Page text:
‘Ms. Marvel’: Is Marvel being faux feminist to save cinematic universe?
The Marvel Cinematic Universe has twisted itself into a kind of pretzel knot in order to stay alive in the post-Avengers: Endgame era. A prime example of this can be found in two of its most recent theatrical releases, Spider-Man: No Way Home & Doctor Strange in the Multiverse of Madness. Both of these movies play on the idea of alternate timelines intersecting.
While the Marvel Cinematic Universe is staunchly grounding itself in the multiverse, it’s also clinging to multiplatform storytelling. Before the Marvel Cinematic Universe, you could go into a comic book film without knowing very much about the backstory. By the time of Infinity War, you pretty much had to see every MCU film to know what was going on.
Now that Marvel has Disney+ as a content outlet, they are branching off into television as well. Series like Moon Knight & WandaVision are helping set up narratives to be explored in feature films. However, the new series Ms. Marvel has divided critics on whether the show is creative worldbuilding or lazily put together ideology content.
Is the MCU in trouble?
Mr. Kevin Feige has been the creative engineer of the Marvel Cinematic Universe for fifteen years. In this time span, he’s ruled over the famous brand with an iron fist, dictating how all MCU material presents itself. Yet in the years following Endgame, arguably his greatest success, Feige has had a difficult time finding the direction to take the MCU.
Marvel’s most recent entry into their Disney+ television series catalog is Ms. Marvel, a show that is clearly trying to target a young audience, Marvel’s chief demographic. The plot centers on sixteen-year-old Kamala Khan (Iman Vellani), a Pakistani American girl living in New Jersey. While Kamala struggles to fit in at her high school, suddenly everything changes.
Out of the blue, Khan develops the same set of abilities as Captain Marvel, her favorite superhero. While this concept sounds very similar to the idea behind Spider-Man: Into the Spider-Verse, not all critics have heaped the same praise onto Ms. Marvel. Nandani Balial of RogerEbert.com has been one of the new Disney+ show’s strongest detractors.
Balial wrote, “Using a marginalized culture as a crutch to get a new demographic of viewers. There is nothing creative about making a Mindy Kaling version of a Marvel show, especially if it’s chock-full of stale parent vs. teen dynamics lifted from sitcoms decades older than the characters.” If we’re now comparing Ms. Marvel to Full House, that’s gotta hurt, Kevin Feige.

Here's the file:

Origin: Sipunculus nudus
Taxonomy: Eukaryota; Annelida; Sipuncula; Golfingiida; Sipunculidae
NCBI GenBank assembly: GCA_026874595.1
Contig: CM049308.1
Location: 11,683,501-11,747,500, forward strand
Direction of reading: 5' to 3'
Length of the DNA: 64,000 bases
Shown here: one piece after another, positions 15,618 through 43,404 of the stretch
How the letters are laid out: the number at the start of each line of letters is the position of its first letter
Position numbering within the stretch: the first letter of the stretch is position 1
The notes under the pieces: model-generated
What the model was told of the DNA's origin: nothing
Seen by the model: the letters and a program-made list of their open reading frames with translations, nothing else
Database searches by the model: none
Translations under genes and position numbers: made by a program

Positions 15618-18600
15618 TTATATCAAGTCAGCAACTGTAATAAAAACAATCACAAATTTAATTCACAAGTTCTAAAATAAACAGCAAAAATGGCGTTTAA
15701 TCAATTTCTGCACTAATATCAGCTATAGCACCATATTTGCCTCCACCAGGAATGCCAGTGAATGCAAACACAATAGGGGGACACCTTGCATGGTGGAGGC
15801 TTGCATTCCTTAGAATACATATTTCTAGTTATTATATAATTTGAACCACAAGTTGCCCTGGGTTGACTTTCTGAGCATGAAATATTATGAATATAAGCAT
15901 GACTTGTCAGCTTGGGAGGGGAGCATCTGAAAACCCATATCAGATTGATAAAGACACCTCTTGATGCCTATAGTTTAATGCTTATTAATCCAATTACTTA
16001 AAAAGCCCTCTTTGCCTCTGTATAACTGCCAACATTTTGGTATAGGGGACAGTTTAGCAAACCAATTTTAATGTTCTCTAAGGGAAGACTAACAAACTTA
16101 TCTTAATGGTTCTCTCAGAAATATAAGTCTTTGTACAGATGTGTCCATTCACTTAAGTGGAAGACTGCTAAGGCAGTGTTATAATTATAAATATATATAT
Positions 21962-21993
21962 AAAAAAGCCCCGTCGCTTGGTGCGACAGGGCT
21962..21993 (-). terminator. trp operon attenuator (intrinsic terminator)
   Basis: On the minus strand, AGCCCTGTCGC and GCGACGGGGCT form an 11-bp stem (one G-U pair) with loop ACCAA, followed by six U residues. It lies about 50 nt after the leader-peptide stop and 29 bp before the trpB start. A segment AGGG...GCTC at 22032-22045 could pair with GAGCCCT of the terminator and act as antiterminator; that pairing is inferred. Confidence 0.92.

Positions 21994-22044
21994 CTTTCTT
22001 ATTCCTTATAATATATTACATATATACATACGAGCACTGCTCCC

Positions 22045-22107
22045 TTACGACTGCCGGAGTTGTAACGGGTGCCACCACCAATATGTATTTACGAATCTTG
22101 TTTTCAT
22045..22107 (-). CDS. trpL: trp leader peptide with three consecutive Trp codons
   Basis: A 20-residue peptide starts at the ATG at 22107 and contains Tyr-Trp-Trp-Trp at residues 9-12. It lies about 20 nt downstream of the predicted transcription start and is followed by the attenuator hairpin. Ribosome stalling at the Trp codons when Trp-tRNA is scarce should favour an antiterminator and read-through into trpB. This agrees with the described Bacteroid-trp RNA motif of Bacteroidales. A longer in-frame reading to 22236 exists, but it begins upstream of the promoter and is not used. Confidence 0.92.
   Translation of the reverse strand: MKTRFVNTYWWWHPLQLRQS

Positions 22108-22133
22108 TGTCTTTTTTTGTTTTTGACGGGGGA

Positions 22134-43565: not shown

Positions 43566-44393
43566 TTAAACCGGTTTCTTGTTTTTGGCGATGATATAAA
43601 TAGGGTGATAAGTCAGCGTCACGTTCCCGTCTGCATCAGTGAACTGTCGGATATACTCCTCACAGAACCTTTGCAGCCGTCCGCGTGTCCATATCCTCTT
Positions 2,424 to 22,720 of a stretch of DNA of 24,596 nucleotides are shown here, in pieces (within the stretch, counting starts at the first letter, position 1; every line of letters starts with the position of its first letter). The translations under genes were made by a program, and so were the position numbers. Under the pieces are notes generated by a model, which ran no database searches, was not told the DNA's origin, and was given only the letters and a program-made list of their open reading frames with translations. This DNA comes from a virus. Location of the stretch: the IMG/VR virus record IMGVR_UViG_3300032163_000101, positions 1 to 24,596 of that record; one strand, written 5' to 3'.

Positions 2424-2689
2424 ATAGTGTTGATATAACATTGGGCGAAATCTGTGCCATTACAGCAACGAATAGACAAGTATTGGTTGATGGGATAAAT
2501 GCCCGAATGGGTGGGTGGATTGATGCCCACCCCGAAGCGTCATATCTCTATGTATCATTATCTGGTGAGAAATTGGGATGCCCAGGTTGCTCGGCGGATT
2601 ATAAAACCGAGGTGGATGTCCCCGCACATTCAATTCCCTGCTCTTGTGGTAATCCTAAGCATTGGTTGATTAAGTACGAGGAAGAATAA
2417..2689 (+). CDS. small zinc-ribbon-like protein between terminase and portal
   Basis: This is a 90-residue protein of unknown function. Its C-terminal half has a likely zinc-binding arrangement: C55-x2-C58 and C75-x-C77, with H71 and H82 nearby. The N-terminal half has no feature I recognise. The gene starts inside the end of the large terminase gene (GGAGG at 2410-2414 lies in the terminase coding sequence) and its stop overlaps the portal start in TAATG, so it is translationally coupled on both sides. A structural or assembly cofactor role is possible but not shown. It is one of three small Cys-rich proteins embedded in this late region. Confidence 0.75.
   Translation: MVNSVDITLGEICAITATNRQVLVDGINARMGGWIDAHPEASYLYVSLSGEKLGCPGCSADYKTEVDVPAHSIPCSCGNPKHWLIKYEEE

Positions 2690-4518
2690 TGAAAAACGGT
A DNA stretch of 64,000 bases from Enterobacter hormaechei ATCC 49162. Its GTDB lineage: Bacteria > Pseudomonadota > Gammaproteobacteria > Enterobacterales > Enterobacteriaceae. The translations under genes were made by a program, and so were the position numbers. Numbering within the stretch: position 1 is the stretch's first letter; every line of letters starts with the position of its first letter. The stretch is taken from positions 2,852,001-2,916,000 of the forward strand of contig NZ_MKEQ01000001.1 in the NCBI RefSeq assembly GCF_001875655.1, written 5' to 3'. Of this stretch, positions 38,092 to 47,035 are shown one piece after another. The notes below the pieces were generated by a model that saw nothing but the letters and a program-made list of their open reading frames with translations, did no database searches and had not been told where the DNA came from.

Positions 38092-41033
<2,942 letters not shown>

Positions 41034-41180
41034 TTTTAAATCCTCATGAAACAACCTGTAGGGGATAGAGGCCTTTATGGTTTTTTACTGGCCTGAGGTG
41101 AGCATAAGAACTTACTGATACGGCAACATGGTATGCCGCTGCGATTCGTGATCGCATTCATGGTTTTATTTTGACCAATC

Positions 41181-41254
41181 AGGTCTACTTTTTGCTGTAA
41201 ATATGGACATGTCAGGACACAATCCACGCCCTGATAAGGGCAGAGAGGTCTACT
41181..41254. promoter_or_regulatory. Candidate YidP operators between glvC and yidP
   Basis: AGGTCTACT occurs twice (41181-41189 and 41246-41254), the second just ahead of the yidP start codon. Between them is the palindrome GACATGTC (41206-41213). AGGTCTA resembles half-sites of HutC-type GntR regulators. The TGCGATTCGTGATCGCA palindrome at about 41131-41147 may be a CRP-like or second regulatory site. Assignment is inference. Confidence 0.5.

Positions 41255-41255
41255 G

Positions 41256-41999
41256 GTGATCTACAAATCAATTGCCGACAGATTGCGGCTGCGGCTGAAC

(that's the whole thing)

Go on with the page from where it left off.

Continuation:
The marvelous Ms. Marvel
Despite those calling out Disney & Marvel for its sometimes mechanical treatment of representation content, there are those writers out there who’ve enjoyed Ms. Marvel. The Guardian’s Lucy Mangan said, “The whole thing is full of charm (love the graffiti that animates as Kamala and her ever-active imagination walk past).
Writing for Consequence, Liz Shannon Miller opined, “Between Vellani’s compelling performance and the visual flair of Adil & Bilall, Ms. Marvel is frankly just a lot of fun.” For the cultural context of the show, Miller added, “it’s been a harsh and glum few years, and it’s a joy to watch a young hero take such pleasure in her newfound abilities.”
Caroline Framke of Variety wrote, “The series makes her specific corner of the world feel fleshed out before too long. Framke too praised the youthful energy of the show, saying, “Kamala is a believably starry-eyed teenager whose bursting creativity and imagination spill over onto the screen.” Perhaps a teenage hero is what we are craving these days.
The San Francisco Chronicle’s Zaki Hasan pointed out, “That specific challenge, how to encapsulate a Muslim community that itself encompasses so much diversity of expression, wasn’t an easy task, but it’s where the show most excels.” Perhaps Ms. Marvel illustrates best that captivating stories can come from all walks of life.
While many critics are split on Ms. Marvel, the show makes clear that Kevin Feige will not rest with pumping content into the Marvel Cinematic Universe. What do you think of Ms. Marvel? Let us know in the comment section!